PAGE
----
Geophysical prospecting on a complex rock glacier in the semi-arid Andes of Argentinia (Morenas Coloradas, Mendoza, Argentina) part of Vignettes:Vignette Collection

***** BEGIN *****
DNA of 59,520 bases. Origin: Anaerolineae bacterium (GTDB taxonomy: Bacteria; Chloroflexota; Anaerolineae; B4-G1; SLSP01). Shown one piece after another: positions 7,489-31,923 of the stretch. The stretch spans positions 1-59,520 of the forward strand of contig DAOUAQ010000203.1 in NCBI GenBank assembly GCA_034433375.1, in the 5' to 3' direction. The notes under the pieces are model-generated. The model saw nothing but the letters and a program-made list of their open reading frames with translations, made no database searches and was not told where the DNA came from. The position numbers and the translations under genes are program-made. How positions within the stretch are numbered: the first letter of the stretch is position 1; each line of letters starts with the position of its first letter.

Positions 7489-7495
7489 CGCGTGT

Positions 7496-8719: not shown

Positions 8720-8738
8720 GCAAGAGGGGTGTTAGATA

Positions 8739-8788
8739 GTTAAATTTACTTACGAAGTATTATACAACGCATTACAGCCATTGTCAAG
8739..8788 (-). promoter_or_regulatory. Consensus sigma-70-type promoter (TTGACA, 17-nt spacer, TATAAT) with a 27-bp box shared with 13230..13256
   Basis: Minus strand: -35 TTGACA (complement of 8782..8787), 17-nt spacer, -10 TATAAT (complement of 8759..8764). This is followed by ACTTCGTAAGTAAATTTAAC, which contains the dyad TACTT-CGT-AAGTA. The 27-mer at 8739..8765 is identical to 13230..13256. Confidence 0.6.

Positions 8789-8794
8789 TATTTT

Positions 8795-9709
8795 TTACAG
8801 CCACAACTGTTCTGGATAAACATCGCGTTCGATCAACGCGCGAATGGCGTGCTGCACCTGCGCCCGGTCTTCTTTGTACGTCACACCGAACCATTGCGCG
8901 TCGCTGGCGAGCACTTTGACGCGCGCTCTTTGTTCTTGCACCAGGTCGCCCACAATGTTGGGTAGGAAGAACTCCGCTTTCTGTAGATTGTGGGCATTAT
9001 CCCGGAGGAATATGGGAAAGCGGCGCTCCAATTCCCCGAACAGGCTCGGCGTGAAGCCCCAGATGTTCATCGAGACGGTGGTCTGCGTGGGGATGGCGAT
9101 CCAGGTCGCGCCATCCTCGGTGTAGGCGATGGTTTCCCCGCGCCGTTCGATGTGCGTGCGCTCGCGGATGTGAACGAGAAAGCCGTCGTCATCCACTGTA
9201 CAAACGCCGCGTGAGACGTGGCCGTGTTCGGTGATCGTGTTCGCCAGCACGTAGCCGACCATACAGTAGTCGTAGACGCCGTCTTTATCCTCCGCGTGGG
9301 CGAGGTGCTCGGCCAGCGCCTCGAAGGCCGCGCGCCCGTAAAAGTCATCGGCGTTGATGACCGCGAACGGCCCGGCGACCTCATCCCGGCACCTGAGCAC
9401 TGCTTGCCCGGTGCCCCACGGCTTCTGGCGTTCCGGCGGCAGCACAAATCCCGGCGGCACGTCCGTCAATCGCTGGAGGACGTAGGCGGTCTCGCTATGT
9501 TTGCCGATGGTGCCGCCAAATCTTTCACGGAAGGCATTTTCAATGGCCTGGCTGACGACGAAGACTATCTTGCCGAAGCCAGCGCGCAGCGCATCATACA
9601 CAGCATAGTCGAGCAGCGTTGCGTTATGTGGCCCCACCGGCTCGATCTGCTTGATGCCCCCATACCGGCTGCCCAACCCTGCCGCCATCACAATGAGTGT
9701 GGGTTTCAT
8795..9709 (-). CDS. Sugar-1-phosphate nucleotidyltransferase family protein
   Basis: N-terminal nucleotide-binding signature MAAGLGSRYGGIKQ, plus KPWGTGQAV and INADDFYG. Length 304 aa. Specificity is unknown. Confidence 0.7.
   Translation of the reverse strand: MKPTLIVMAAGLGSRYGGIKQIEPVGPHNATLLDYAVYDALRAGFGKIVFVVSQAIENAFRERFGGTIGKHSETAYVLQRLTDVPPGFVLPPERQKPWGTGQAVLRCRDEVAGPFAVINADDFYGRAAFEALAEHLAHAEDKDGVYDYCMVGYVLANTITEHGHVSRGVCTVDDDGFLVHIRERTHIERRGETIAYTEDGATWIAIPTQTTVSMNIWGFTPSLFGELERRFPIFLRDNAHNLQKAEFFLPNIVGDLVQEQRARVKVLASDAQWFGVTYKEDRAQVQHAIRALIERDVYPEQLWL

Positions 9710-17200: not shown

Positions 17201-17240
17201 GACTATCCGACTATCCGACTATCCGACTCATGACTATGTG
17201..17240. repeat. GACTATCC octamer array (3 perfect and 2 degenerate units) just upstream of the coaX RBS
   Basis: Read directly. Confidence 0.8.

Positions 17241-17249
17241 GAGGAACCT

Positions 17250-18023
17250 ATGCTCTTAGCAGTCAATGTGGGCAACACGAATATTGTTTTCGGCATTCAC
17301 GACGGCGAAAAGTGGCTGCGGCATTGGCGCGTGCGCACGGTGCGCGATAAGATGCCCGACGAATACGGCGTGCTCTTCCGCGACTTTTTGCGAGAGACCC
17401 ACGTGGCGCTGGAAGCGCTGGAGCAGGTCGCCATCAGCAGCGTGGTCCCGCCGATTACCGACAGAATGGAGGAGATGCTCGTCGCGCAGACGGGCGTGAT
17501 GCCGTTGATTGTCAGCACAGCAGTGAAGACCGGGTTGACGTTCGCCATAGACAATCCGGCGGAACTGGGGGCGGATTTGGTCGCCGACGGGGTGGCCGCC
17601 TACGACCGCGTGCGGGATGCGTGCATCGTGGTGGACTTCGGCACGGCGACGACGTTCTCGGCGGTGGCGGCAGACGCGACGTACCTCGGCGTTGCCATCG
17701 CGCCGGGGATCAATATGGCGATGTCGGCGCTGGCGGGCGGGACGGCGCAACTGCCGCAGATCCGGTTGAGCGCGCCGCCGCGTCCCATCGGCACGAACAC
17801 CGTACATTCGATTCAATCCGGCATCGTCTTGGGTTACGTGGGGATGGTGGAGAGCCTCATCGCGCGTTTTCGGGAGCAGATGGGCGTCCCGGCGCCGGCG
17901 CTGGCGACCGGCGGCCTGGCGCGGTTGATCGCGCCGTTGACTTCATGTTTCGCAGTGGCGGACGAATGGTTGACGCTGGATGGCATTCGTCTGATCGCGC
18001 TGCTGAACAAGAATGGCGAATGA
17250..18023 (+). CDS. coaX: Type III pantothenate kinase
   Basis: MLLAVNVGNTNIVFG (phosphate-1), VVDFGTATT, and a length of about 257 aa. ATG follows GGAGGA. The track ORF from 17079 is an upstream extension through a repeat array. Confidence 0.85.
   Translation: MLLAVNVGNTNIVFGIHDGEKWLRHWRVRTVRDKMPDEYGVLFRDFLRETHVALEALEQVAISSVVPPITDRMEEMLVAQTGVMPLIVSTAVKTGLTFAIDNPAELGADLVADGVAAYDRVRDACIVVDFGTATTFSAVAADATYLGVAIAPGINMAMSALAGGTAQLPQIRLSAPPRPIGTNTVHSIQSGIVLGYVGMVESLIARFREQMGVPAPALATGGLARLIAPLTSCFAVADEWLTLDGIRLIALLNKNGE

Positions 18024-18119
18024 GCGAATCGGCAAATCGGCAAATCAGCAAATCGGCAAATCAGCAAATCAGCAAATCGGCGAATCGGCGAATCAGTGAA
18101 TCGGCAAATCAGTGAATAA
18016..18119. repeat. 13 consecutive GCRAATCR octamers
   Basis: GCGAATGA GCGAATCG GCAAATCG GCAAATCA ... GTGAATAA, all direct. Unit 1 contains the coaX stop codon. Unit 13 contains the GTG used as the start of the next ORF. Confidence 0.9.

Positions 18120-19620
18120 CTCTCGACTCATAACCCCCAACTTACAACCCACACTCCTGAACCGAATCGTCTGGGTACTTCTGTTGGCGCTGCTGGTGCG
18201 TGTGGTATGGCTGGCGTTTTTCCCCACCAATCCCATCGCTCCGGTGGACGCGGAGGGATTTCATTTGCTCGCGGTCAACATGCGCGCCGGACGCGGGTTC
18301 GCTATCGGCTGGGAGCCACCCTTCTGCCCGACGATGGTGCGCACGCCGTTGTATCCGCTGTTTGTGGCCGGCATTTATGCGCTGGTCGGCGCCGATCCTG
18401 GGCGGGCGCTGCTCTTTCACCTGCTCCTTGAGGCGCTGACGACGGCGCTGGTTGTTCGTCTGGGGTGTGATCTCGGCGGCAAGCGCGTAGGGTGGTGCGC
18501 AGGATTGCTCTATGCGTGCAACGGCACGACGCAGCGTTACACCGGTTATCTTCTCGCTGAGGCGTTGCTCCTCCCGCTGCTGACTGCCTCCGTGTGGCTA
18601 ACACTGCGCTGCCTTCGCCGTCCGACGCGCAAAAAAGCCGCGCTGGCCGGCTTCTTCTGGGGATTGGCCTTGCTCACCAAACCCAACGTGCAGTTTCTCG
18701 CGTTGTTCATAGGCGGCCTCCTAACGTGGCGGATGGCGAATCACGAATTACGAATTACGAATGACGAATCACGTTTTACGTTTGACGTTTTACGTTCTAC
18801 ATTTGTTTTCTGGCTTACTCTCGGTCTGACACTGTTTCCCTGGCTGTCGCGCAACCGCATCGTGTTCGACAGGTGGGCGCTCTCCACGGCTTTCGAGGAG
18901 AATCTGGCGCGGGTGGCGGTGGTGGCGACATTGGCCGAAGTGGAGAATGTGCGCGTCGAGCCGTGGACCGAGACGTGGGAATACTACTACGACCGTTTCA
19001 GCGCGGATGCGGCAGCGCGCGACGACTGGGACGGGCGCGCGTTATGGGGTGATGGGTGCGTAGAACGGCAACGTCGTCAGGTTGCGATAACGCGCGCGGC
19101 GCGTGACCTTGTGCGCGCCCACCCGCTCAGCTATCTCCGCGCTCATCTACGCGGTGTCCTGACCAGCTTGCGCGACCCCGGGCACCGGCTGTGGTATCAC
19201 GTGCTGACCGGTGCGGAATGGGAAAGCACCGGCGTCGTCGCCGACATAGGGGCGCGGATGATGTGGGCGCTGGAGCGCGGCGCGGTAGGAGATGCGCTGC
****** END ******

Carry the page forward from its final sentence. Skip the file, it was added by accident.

In the semi-arid high Andes of Argentina and Chile, rock glaciers are more frequent than glaciers. Rock glaciers are periglacial landforms composed of rock, ice, water and air formed by creeping debris on sloped terrain. Aridity and high solar radiation hamper the development of large glaciers, favor permafrost conditions and the generation of rock glaciers. Some of the world's largest rock glaciers can be found in this part of the Andes, often of greater extent than neighboring glaciers. Due to the rainfall scarcity, permafrost melt from rock glaciers and frozen slopes contributes significantly to river runoff. Without it, human settlement and intensive winegrowing in the dry foothills and forelands towards the east of the Andes would be impossible. Due to their significant size, rock glaciers are assumed to be important water stores for this part of the Andes and the foreland. However, little is known about their ice and water content. One of the few rock glaciers that have been studied in more detail already since more than 20 years is located in the valley of Morenas Coloradas, about 60 km west of the city of Mendoza, Argentina. We revisited the valley in 2008 in order to repeat measurement of the permafrost conditions using geophysics, previously performed by Barsch & King in 1989. The objective of our investigation is to detect permafrost occurrence and depth of the active layer, the upper surface layer that melts during summer. We compared today's situation with the situation 20 years ago and current data from borehole temperatures. The complex rock glacier in the Morenas Coloradas catchment is a transitional landform composed of a high altitude glaciated zone with a large debris covered glacier tongue where thermokarst phenomena, subsidence due to melt of solid ice, are observed. This area is followed by various active rock glacier lobes and subsequently, inactive and relict lobes in the lower sections. (Figures 1 and 2A). Rock glacier activity indicates the rate of periglacial creep and is a function of debris supply, ice content and slope. When a rock glacier doesn't show any signs of movement, it is termed inactive if ice content can still be expected or detected. Once the ice is gone, the landform collapses due to the loss of material and becomes a relict (or fossil) rock glacier. Morenas Coloradas rock glacier is about 5 km long and covers the entire width (300-600 m) of the upper valley at altitudes between 3300 and 4800 m asl. Lithology of the area is composed of Upper Carbon/Lower Triassic greywacke, vulcanite and granite. Mean annual air temperatures of 1.6 to 6.0 °C (surrounding stations at 3560 m, 2500 m a.s.l.) and an annual precipitation of approx. 500 mm/a characterizes the semiarid climate of the region. A striking difference of this rock glacier compared to ones from the European Alps, apart from the greater size, is the size of composing blocks at the surface. While many rock glaciers in the Alps contain blocks of up to several meters in length, the surface of Morenas Coloradas rock glacier is composed of finer material with block sizes not exceeding half a meter. Thus, the internal composition of rocks, air filled voids, water and ice differs from rock glaciers in the Alps as well. We applied geophysical methods to investigate the permafrost conditions at the rock glacier. Geophysical methods measure specific physical properties of the subsurface, delivering high resolution images of the underground. We used ground penetrating radar (GPR) and electric resistivity tomography(ERT) complementary on the rock glacier in February 2008. Permafrost conditions create high resistivity (>10 20 kOhm) of subsurface material that can be differentiated from unfrozen ground (< 10 kOhm) and solid ice (>1 mOhm). Distinct reflectors in radar images represent sharp boundaries between frozen and unfrozen parts of ground (Figure 4). In order to verify the geophysical results, temperature measurements within boreholes are required. A combination of different methods is helpful for data interpretation and supports a more detailed view on rock glacier interiors. Our results were cross checked with previous measurements and borehole temperature data at these locations. We carried out our measurement at three different locations that have been studied previously by Barsch and King (1989), where ground temperatures are monitored in boreholes today. These locations represent different lobes (frontal zones) of the rock glacier at different altitudinal levels (Balcon 1, 3550 m a.s.l.; Balcon 2, 3740 m a.s.l.). The uppermost locality was set within the area of thermokarst at 3810 m a.s.l. (Figure 2B). Both methods delivered similar results of the permafrost table location, confirming each other very well. The permafrost table is the lower limit of the unfrozen active layer. Subsurface resistivity increases between the lowest and the uppermost study sites and with depth (Figure 3). Depth of active layer decreases from 8 meters at Balcon 1 to 3 meters in the area of thermokarst as a function of temperature decrease with altitude. While the permafrost table is clearly detectable in the GPR images at Balcon 2 and the thermokarst area, reflectors at Balcon 1 hint at only local ice occurrences, like ice lenses. Comparing today's resistivity values with the situation 20 years ago indicates how the different parts of the landform have evolved. In the lower parts (Balcon 1), resistivity of the lower subsurface decreased in 20 years indicating, that the ice content has decreased (Table 1) as a probable reaction to increasing air temperatures in this area. The upper measurement sites don't show significant changes to previous records. Permafrost and rock glaciers are phenomena sensitive to changing climates and react to temperature rise by thaw and increase of the active layer thickness. These changes can be detected by geophysical techniques. The study exemplifies that rock glaciers in the Andes not only differ from other examples in the northern hemisphere, but may also play an important role for hydrology that needs to be investigated in order to predict impact of environmental change on mountain areas and their forelands.